This brief explores agricultural data for Tanzania from the LSMS-ISA and Farmer First household surveys. We first present the differences in the LSMS and Farmer First survey design and in basic descriptives from the two data sources. We then present the results of our initial LSMS data analysis using the 2008/2009 wave of the Tanzania National Panel Survey (TZNPS), focusing on the agricultural data, before presenting our analysis of farmer aspirations and of gender differences using the Farmer First data.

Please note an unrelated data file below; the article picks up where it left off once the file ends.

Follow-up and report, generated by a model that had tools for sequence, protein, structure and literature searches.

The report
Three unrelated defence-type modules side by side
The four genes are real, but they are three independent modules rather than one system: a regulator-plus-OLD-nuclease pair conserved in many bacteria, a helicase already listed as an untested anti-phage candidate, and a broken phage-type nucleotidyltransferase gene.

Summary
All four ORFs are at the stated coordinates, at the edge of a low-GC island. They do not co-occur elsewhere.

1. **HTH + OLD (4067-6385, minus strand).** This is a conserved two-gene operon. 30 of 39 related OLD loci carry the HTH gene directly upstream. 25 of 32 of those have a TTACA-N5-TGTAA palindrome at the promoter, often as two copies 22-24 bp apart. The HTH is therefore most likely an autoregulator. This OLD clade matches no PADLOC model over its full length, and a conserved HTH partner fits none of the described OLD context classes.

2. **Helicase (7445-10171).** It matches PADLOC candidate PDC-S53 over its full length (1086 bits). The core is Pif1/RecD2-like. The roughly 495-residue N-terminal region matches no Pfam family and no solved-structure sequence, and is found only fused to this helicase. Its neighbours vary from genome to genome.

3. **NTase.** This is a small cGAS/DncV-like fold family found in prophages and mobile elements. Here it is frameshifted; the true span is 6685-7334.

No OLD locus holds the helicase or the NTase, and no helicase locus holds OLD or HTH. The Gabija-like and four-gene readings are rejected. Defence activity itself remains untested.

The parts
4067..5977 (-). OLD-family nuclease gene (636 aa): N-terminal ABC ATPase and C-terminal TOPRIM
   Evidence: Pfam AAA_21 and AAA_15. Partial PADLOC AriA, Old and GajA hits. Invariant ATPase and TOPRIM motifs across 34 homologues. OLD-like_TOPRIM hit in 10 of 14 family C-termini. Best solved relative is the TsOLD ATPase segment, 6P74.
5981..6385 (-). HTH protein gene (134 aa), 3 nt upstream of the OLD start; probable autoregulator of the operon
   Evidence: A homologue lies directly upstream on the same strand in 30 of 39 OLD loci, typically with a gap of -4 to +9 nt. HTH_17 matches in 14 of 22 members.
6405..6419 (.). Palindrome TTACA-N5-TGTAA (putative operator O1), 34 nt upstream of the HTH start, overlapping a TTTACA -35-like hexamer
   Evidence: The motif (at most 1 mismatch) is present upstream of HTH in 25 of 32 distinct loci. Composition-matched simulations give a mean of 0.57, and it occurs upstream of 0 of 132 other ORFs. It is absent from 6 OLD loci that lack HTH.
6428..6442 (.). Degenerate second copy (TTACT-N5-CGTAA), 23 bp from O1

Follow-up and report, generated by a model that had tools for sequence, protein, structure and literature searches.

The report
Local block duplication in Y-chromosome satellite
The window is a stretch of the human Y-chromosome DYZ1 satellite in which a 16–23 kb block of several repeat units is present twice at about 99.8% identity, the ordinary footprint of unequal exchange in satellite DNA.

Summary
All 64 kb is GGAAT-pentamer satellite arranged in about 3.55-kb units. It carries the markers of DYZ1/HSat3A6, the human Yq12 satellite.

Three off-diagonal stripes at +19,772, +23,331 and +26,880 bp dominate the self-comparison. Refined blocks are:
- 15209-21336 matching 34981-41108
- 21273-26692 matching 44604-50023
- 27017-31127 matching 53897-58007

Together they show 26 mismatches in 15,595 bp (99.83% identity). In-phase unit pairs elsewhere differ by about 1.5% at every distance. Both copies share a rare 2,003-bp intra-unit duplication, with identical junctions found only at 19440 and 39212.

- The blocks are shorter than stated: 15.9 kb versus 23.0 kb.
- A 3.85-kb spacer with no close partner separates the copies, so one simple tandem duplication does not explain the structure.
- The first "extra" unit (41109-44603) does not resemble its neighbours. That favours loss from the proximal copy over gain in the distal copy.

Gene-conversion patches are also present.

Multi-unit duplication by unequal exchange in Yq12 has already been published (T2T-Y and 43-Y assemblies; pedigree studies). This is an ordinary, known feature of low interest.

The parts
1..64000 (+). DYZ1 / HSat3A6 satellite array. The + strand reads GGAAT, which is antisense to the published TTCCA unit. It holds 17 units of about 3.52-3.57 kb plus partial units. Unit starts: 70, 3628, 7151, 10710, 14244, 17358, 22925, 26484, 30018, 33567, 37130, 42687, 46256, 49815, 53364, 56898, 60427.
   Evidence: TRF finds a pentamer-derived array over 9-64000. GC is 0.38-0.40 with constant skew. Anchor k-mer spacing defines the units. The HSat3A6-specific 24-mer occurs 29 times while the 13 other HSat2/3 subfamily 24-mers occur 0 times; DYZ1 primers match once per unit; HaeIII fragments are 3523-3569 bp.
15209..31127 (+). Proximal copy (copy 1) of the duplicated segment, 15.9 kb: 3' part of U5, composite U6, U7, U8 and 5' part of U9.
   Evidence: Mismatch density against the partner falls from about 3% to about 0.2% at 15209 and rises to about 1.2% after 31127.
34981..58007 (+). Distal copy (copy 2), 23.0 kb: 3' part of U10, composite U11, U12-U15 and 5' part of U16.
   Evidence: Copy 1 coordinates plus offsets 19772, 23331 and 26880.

EPAR’s Political Economy of Fertilizer Policy series provides a history of government intervention in the fertilizer markets of eight Sub-Saharan African countries: Côte d’Ivoire, Ghana, Kenya, Malawi, Mozambique, Nigeria, Senegal, and Tanzania. The briefs focus on details of present and past voucher programs, input subsidies, tariffs in the fertilizer sector, and the political context of these policies. The briefs illustrate these policies’ effect on key domestic crops and focus on the strengths and weaknesses of current market structure. Fertilizer policy in SSA has been extremely dynamic over the last fifty years, swinging from enormous levels of intervention in the 1960s and 70s to liberalization of markets of the 1980s and 1990s. More recently, intervention has become more moderate, focusing on “market smart” subsidies and support. This executive summary highlights key findings and common themes from the series.